Strong’s Dictionary of Hebrew Words:

Transliteration:
Dagown
Phonic:
daw-gohn’
Meaning:
from 1709; the fish-god; Dagon, a Philistine deity
KJV Usage:
Dagon

Jackson’s Dictionary of Scripture Proper Names:

the fish-god (from its fecundity)

Potts’ Bible Proper Names:

An excellent fish; fish-god:―a Philistine deity [BETH-DAGON], 1 Chron. 10:10. {Piscis excellens}

From Manners and Customs of the Bible:

Dagon was the national god of the Philistines. The name is derived from dag, a fish. Dagon is the diminutive of dag, and signifies “little fish”; not so much, however, in reference to size, as to the affection entertained for it; so that some would render it, “dear little fish.” From the description given in 1 Samuel 5:44And when they arose early on the morrow morning, behold, Dagon was fallen upon his face to the ground before the ark of the Lord; and the head of Dagon and both the palms of his hands were cut off upon the threshold; only the stump of Dagon was left to him. (1 Samuel 5:4), the idol is supposed to have been a combination of the human form with that of a fish. “And when they arose early on the morrow morning, behold, Dagon was fallen upon his face to the ground before the ark of the Lord; and the head of Dagon and both the palms of his hands were cut off upon the threshold; only the stump of Dagon was left to him.”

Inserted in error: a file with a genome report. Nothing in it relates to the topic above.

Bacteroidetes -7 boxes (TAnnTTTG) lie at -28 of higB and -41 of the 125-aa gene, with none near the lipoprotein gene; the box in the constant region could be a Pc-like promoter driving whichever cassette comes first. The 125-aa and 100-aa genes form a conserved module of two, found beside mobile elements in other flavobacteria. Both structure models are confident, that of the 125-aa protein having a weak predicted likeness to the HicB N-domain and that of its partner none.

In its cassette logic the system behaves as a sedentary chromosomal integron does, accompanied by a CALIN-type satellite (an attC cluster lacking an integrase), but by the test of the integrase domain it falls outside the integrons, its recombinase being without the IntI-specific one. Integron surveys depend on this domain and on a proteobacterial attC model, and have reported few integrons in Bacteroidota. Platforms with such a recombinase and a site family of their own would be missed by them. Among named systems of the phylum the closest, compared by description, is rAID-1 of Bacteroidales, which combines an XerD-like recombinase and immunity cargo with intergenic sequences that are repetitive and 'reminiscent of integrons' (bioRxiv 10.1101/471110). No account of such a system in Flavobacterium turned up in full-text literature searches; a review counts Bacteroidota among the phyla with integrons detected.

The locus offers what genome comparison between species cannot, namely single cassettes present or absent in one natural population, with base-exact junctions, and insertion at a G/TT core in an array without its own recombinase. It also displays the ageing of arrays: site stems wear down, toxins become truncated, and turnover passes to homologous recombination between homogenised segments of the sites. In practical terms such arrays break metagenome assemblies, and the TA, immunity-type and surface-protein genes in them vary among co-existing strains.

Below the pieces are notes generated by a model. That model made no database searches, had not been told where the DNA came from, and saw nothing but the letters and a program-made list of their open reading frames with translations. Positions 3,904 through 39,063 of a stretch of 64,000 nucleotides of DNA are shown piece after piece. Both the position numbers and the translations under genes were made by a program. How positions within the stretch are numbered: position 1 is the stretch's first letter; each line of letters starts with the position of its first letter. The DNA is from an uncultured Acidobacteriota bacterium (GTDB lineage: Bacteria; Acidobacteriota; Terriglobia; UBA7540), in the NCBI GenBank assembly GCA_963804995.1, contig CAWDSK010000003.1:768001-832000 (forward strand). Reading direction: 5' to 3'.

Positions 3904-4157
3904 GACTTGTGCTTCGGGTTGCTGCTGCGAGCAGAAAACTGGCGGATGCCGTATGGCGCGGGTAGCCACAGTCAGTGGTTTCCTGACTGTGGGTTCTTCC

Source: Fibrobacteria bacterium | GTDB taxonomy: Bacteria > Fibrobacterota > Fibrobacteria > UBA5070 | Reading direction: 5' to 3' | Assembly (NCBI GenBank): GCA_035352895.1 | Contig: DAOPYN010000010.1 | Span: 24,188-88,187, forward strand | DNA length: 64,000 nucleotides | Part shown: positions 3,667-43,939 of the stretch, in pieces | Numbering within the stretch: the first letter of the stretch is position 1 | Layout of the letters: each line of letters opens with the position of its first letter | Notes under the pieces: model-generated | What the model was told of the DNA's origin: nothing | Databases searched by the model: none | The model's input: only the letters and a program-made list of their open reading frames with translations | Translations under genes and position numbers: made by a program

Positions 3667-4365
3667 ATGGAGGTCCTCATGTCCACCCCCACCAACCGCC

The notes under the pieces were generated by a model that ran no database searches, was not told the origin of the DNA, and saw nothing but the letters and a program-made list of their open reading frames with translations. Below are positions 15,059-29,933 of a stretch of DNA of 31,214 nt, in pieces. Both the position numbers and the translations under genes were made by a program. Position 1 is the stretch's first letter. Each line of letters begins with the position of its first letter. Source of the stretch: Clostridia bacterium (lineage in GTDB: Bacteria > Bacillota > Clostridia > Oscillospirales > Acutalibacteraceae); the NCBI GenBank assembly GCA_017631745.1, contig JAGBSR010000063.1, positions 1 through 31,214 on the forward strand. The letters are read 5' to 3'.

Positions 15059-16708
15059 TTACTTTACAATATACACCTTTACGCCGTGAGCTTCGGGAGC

Omitting the words supplied by the translators [“the stump of”] and we find that the human part, consisting of the head and hands, was cut off, while dagon, or the fish part, remained. This description is corroborated by ancient traditions. The Babylonians believed that a being part man and part fish emerged from the Erythraean Sea, and appeared in Babylonia in the early days of its history, and taught the people various arts necessary for their well-being. Representations of this fish god have been found among the sculptures of Nineveh. The Philistian Dagon was of a similar character. The deity is supposed to have been intended to represent the vivifying and productive powers of nature. The fish was an appropriate image to be used for this purpose, by reason of its rapid and enormous multiplication.